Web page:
If you’re a current subscriber, log in below. If you would like to subscribe, please click the subscribe tab above.
Username and Password Help
A VIEW FROM THE BRIDGE
My third grade English language teacher was a curiously rotund Yorkshireman called Ted Armitage who was addicted to powerful peppermints, drove a vintage Dormobile and chain-smoked Silk Cut cigarettes whenever he stepped outdoors.
He was also our school choir, orchestra and band director, and he coached soccer and cricket quite atrociously.
By the time he burst pungently into our classroom bedecked in his wrinkled and ash-dusted black gown one golden late-summer day in the early 1970s, he had already been teaching for thirty-five years, a fact of which he was wont to remind us as frequently as he popped another mint into his mouth.
He’s dead now, more’s the pity, because I think I’d like to have heard what he’d have to say about the gradual devolution of fine English in an age of rapid communications, email and text messaging.
You see, despite his many idiosyncrasies and his dreadful habit of humming between sentences with a mouthful of sweets, Ted Armitage was a stickler for proper use of English.
It was Armitage who taught us how to use dictionaries for more than just spell-checking, how to identify the vital components of sentences, how to analyze texts and discern their authors’ intentions, how to summarize and, most importantly, how to use punctuation.
Quite apart from his absurdly duck-like flouncing on the pitch, shouting “ah-joo-joo-joo!” when going in for a tackle and belting a vicious goal kick, and far removed from his frankly awful music instruction made all the worse by conducting as though putting out a curtain fire, that funny chap was quite possibly the best English teacher I ever had.
He clearly hadn’t earned a degree in English, as he appeared never to follow any rational curriculum and the letters after his name were related exclusively to music education. He also seemed unusually knowledgeable in coal mining, which told us a lot about his Yorkshire background, and we surmised that his father and grandfather had probably worked down the mines most of their lives. As a young man, then, Ted must have decided that music was his forte rather than pick and shovel, packed his bags and gone to London to pursue his dream.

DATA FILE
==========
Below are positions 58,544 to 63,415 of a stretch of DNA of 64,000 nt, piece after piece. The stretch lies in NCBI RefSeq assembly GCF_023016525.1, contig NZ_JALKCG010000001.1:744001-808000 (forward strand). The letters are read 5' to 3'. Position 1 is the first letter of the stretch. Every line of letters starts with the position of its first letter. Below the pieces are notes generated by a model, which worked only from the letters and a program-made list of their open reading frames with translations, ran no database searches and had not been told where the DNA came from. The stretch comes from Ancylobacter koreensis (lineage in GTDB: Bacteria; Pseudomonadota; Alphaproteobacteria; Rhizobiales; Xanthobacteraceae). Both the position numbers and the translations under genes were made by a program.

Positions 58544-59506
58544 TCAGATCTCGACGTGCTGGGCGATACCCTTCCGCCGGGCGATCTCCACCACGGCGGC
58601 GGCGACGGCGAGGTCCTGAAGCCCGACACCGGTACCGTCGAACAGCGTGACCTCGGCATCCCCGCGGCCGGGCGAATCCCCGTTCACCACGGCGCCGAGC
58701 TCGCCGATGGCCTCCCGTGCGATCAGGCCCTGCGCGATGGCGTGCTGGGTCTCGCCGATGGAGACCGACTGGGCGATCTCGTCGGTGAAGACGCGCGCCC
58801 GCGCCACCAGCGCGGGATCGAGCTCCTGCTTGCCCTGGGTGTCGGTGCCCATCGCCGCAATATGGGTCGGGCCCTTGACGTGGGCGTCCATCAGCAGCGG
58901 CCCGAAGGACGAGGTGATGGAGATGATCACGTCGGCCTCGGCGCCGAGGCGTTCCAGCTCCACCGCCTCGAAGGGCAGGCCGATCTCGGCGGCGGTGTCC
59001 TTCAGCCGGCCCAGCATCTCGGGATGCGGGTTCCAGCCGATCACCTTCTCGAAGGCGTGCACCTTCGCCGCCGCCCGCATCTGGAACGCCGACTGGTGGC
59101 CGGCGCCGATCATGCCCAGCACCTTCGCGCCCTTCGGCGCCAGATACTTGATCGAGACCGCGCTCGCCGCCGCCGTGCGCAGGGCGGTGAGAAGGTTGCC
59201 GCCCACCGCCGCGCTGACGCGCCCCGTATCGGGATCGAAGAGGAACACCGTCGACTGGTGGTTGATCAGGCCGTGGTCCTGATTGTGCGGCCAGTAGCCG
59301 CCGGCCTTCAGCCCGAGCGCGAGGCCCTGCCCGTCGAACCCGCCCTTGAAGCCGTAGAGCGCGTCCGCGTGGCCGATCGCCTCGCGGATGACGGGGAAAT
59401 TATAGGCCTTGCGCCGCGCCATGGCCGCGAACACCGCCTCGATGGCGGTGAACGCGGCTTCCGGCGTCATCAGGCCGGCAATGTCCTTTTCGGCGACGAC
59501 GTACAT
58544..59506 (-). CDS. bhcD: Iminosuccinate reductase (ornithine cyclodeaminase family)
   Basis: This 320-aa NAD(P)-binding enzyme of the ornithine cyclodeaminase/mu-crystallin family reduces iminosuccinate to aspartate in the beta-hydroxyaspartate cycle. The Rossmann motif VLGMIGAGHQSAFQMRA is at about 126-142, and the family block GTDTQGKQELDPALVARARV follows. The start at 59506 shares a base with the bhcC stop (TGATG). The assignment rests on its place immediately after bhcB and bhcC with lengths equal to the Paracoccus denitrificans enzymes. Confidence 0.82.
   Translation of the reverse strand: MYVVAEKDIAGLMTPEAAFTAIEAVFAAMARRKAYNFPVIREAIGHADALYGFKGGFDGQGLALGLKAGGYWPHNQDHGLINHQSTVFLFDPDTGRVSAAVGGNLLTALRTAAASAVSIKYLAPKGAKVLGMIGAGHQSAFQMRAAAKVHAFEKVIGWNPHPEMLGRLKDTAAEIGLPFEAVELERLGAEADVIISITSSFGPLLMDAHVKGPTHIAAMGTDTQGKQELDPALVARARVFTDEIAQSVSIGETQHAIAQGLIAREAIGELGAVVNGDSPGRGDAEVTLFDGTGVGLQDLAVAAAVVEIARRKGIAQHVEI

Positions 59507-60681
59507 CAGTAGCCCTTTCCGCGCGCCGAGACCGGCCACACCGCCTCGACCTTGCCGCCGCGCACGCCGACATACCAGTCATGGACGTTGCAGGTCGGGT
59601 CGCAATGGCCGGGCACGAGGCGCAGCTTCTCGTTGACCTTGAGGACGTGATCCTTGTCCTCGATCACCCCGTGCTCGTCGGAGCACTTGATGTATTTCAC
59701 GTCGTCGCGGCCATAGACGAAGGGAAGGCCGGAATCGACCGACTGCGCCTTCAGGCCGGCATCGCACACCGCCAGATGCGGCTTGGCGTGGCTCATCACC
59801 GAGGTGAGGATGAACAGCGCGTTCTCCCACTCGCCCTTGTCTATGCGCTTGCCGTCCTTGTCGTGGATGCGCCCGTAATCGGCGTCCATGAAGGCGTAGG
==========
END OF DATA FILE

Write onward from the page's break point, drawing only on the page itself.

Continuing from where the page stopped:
By the dawn of the Second World War, Ted Armitage was comfortably nestled in a very cozy position indeed as music director in a boarding school that would shortly have to be evacuated, as the Luftwaffe seemed keen on bombing to bits anything taller than a poodle anywhere in the south and east of England – plus Liverpool because it apparently deserved it. All the students, the books, the trumpets and soccer balls were packed into trains for the Cornwall village of St. Austell, where the boys would wait out the war but still watch dogfights between Spitfires and Messerschmitts in the blue southern skies.
Through it all, and probably while plonking out a crashing tune on a deeply wounded church piano, Ted did more than just teach his charges how to listen and how to play in jumbled cacophony; he taught those boys how to write, how to relish good English and how to promote it in others; how to flex one’s linguistic muscles with ink on the page; and above all how to uphold the standards of communication that must in those dark years have seemed so very threatened.
So, before you text the next garbled vitriol at someone you barely know, before you reply in nothing but abbreviations or emojis, and before you send something without checking to see whether it makes sense to anyone else, think not just of old Ted but also of what it is that defines you as a communicator and a person of wit and wisdom.
Being able to deploy a gerund might not be something to which you give much thought, but at the very least I hope you will encourage your children to exercise their language, to expand their vocabulary and to live to the higher principles that may one day – when all is said and done – be all that we can pass on to those who rifle through the shards.